The lack of a persistent world economy means you can't do much to achieve wealth (other than begging or pillaging remains of other players) but to fight. Fighting is made easy in Asheron's Call and there are plenty of monsters to go around. Some of them move in fixed patterns but more often than not I just went into the 'wild' a few scant miles away from the city to hunt down stationary monsters who existed for no reason but to be hacked, bludgeoned, or slashed to death. Through the use of quests, of which there are many (continually updated by the developers), you can navigate to dungeons or planned events full of monsters. Dark Majesty is excellent in this regard. You are never out of errands to run or things to do if you make the effort to look for it. If fighting is not your cup of tea, there is, sad to say, very little Dark Majesty will provide for you. Most quests involve combat and running errands, whether for players or for NPCs will get tiring soon enough. Unlike Ultima Online, Asheron's Call has no facility for production-run economies or dynamic market pricing to help facilitate non-combative careers. Everything, including the allegiance system, appears to be geared towards battle, although it is a great way to learn magical spells (for battle).

The population sizes of the worlds I visited were good, even during weekdays or early mornings. However, I found you have to make the effort to get to know people. Dark Majesty doesn't make this a more social game than before, so the onus on making this a sociable experience is up to you. Communal and private housing is being offered too but only after you perform a long-winded set of quests. It should prove to be no problem for veterans but it might be a little out of reach for beginners. Dark Majesty's major feature is this player-created housing system. Yet its competitor, Ultima Online, has long had this feature, including player-run vendors and even some player-run cities.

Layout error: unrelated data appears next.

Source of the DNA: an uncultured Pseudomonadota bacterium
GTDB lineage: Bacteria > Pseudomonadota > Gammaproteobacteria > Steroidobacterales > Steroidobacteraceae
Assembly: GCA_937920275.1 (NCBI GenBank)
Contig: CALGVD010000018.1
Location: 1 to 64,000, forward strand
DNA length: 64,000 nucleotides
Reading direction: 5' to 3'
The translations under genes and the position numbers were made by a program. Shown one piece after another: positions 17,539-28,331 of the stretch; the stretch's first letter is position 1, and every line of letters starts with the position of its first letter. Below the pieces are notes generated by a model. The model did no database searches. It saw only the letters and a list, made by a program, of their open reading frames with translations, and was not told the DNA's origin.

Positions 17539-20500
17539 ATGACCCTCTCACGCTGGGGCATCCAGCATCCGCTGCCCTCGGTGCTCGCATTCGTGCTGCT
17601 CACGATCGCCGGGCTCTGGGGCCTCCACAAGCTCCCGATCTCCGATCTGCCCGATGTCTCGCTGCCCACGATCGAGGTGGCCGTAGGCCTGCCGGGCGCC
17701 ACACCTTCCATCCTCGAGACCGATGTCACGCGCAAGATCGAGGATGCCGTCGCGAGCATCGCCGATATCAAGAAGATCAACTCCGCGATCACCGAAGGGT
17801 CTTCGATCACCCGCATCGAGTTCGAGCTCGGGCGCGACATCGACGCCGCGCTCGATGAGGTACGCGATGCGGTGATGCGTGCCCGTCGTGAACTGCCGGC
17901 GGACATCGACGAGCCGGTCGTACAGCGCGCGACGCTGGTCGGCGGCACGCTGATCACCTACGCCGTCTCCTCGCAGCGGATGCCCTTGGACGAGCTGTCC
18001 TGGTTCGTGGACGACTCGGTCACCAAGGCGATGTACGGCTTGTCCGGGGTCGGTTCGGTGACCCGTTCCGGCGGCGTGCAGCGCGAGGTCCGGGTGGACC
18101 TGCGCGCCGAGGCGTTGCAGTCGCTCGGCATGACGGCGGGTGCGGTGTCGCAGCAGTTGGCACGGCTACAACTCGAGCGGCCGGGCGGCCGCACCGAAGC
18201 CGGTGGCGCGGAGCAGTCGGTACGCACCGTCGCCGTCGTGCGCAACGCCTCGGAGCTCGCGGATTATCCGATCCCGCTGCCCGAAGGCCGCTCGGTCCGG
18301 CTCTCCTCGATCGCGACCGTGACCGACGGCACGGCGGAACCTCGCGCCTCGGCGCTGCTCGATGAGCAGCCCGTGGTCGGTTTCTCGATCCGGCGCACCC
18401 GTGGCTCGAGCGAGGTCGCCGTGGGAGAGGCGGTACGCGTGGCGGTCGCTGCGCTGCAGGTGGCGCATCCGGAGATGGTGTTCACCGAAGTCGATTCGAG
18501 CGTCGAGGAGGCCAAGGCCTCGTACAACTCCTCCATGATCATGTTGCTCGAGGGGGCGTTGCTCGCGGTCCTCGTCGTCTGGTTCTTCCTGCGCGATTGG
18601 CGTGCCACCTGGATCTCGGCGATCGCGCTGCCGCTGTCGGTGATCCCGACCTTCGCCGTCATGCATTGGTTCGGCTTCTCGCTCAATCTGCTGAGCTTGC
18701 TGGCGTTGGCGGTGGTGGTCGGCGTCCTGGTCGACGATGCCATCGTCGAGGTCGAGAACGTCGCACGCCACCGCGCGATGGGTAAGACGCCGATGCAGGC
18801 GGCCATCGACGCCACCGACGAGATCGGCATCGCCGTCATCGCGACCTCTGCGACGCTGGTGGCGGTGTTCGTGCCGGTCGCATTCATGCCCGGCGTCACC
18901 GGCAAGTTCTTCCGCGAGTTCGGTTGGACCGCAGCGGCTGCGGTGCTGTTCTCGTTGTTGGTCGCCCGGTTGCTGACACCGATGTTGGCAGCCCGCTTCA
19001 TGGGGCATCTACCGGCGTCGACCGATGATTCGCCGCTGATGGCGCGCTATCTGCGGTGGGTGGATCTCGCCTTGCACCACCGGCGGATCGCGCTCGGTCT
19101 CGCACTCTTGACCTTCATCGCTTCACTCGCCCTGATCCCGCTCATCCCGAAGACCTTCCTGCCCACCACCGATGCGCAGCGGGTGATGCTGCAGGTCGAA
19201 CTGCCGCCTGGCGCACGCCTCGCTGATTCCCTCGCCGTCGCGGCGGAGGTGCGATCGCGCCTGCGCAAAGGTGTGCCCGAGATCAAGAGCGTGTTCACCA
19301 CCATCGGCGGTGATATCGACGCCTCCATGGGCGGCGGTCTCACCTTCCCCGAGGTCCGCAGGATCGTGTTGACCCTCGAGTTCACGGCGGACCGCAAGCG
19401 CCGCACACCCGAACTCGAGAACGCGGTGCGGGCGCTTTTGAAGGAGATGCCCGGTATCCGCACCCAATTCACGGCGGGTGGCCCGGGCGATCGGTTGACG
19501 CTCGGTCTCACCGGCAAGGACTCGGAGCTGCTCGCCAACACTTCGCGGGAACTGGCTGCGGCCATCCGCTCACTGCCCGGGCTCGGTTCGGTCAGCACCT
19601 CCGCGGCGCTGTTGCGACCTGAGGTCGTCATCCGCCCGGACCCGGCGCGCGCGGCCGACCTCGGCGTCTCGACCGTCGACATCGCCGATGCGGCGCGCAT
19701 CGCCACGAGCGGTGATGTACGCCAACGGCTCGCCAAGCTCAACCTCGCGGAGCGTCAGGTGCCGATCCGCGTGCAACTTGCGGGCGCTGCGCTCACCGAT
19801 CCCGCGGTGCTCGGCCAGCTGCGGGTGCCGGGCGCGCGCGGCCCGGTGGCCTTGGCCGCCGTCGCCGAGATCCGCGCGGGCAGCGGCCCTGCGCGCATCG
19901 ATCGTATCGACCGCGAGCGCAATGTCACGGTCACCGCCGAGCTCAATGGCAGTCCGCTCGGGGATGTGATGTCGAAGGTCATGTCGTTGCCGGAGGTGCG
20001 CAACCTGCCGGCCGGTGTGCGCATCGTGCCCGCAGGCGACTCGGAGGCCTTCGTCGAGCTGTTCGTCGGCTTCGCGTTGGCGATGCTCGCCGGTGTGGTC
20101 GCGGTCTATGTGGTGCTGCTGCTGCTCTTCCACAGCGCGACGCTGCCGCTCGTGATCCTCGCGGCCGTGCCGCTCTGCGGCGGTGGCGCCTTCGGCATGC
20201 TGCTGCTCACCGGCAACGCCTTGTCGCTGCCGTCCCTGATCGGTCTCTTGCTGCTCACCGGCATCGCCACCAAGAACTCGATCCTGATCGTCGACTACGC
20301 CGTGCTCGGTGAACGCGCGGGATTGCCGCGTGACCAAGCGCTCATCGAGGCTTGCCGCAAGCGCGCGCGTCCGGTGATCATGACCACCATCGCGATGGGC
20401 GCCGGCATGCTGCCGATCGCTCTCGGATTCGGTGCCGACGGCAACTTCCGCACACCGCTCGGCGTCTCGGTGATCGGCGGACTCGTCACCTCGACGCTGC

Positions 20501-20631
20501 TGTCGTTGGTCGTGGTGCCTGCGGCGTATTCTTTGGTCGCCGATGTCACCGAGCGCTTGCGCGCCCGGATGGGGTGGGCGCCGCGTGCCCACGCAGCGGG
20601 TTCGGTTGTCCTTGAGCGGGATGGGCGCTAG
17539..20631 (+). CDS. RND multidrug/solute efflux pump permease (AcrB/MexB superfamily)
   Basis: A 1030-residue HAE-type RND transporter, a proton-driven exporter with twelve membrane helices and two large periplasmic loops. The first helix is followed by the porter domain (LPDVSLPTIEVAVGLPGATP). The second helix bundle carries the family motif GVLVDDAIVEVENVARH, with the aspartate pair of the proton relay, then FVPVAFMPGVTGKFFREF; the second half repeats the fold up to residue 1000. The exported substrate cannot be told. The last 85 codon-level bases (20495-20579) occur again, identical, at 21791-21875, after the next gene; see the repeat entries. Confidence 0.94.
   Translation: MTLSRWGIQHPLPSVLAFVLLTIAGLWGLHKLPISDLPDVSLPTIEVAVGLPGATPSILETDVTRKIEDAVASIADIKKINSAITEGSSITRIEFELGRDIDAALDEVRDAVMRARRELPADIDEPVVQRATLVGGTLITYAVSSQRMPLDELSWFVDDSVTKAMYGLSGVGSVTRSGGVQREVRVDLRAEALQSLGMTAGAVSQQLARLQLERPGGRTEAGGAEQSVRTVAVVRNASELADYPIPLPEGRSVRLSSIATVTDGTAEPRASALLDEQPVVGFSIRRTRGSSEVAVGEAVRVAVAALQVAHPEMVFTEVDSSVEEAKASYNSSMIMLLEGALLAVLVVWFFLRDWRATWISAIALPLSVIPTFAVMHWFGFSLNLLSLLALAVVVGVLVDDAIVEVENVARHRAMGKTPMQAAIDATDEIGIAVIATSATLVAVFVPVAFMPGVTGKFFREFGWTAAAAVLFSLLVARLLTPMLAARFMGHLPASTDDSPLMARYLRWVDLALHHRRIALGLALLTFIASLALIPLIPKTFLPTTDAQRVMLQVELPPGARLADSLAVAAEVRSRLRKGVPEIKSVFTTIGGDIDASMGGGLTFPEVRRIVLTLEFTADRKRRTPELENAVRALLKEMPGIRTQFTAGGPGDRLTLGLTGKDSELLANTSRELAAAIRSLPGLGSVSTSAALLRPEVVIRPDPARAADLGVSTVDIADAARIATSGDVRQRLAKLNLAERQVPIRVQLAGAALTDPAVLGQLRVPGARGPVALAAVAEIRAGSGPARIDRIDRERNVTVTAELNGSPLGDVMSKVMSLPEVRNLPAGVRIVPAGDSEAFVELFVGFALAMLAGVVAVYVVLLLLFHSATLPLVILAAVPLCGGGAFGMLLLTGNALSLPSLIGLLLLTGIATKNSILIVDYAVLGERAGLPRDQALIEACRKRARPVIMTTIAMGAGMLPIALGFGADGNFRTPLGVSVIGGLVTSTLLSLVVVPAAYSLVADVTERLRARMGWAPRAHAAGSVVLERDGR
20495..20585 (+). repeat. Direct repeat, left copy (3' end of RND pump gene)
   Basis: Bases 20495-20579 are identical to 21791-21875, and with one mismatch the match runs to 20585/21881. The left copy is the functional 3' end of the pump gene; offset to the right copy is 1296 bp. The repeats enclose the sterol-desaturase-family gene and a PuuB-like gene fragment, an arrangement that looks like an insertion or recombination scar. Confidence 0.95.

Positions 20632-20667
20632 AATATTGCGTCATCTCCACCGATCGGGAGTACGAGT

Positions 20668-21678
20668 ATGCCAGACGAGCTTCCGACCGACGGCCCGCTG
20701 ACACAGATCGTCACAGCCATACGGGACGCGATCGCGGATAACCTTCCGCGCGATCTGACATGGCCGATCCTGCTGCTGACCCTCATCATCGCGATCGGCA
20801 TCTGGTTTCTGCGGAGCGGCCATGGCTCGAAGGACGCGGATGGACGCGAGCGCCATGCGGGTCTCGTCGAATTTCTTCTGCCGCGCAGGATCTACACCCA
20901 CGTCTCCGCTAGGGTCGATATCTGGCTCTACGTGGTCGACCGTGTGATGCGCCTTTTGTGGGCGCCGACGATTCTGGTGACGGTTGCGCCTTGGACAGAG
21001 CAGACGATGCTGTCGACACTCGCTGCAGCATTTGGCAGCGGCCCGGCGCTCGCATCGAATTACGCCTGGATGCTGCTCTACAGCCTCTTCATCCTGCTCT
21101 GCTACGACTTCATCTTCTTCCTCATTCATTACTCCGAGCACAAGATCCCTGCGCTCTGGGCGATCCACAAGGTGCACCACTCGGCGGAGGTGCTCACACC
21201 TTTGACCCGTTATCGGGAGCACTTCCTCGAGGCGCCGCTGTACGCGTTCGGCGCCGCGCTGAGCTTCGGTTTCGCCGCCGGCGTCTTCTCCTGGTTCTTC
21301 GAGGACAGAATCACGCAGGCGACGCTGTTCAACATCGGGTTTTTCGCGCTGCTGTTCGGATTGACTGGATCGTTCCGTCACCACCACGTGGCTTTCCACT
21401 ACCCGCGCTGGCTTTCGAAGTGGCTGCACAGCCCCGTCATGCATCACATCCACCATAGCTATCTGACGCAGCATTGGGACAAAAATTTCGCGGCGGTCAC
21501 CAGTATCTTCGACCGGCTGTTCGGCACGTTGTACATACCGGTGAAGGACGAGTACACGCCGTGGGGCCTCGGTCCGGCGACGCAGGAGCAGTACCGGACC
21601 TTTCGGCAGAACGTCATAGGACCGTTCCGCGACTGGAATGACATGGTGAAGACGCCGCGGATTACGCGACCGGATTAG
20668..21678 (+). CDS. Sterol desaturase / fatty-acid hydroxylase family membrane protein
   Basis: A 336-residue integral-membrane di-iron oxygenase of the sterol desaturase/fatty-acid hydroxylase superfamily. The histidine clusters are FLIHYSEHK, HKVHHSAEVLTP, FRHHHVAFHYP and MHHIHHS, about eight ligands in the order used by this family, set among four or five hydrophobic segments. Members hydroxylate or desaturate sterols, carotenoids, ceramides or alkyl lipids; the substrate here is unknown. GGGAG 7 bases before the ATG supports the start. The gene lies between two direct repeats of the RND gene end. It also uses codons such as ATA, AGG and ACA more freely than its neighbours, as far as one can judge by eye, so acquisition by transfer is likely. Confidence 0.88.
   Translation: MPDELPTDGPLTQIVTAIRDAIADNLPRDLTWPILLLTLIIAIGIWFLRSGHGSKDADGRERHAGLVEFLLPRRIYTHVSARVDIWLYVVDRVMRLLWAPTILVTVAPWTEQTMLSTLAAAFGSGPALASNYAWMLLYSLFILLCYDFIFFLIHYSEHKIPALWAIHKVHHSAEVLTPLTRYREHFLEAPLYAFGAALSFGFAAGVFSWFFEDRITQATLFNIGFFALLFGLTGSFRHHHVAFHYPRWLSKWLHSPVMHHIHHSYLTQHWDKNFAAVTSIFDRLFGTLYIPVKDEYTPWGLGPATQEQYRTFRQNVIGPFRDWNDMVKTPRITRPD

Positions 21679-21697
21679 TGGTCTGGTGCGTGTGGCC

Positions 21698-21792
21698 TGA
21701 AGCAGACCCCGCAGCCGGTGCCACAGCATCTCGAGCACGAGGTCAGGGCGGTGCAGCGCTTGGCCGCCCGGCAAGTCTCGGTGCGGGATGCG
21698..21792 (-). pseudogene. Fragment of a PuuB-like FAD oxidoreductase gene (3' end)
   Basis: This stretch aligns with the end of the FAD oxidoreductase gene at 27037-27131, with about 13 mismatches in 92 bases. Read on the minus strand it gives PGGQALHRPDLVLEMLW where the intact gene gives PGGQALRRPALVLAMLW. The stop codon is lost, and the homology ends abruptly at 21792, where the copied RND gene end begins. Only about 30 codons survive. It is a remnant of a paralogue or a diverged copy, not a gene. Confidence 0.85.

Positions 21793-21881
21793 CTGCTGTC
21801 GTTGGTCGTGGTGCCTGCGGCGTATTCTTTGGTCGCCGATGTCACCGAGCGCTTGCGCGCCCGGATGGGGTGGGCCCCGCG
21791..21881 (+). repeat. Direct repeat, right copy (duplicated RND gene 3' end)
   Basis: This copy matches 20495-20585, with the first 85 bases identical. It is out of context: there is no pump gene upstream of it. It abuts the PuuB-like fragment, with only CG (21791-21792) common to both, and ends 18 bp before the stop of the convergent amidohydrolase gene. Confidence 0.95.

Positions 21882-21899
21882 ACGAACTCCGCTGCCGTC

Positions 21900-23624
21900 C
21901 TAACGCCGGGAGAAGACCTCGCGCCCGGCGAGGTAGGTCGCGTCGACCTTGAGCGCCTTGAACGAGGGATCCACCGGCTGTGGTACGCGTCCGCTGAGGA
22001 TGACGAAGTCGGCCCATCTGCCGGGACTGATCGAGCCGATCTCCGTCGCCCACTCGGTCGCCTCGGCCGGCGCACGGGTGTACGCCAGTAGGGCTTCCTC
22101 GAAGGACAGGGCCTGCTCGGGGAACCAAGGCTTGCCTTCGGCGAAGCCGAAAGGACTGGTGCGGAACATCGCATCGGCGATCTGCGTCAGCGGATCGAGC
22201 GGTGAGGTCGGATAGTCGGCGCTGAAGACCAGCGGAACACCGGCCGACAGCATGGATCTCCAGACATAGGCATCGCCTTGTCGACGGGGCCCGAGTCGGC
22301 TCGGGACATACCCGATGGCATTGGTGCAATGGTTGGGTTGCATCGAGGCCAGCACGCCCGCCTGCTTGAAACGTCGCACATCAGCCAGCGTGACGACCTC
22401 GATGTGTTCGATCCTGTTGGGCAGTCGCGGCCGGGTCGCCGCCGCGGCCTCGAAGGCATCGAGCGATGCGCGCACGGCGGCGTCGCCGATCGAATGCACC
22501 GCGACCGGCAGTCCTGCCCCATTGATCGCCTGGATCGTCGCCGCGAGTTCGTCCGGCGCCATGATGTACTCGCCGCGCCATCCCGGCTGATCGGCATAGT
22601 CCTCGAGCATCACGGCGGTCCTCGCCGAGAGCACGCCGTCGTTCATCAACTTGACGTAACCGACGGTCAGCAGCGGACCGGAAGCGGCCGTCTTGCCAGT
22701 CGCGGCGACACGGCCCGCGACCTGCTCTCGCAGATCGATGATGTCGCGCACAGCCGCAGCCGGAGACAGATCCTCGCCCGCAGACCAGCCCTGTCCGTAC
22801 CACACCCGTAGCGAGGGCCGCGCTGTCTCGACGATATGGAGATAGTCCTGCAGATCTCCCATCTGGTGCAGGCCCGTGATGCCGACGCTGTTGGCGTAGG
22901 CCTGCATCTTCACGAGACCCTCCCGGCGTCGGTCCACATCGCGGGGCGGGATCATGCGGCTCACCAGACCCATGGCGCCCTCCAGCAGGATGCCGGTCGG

At the time of its release, Asheron's Call heralded impressive visuals and promised role-playing abilities that affected the entire game world. No doubt, it achieved this in its time. The visuals are not aging as gracefully as Ultima Online but at times, some of the vistas Dark Majesty conjures still stir the eye. If you have never played a MMORPG up until now or want to revisit Asheron's Call, this is a golden and economical opportunity to. Everything that was rough about Asheron's Call has been polished and honed to make an entertaining experience but only if your primary interest is in killing things, taking their possessions, advancing your character and repeating this whole process again. This is something that I hear Everquest excels in and Ultima Online is still thriving more for its social purposes than anything else. Recently, Sega's Phantasy Star Online v2.0 began charging a similar rate for its play but Dark Majesty helps add some depth that is lacking in Phantasy Star Online. Thus, when it comes to Dark Majesty, I'm not sure what it wants its raison d'etre to be. Launch problems, sign-up woes and server overloads plagued some of the online-only titles that launched this year. Dark Majesty goes to highlight what a veteran Asheron's Call is to the business. It certainly has some good foundations and cost-effective pricing to remain in the big three. Before, if you hated one MMORPG and could not fit in with one, you had only one choice left out of the big three. But with the fast growing communities and features of new second generation MMORPGs, retaining new players or wooing old disillusioned ones back permanently, even at such an inexpensive rate, will be the developers' toughest challenge.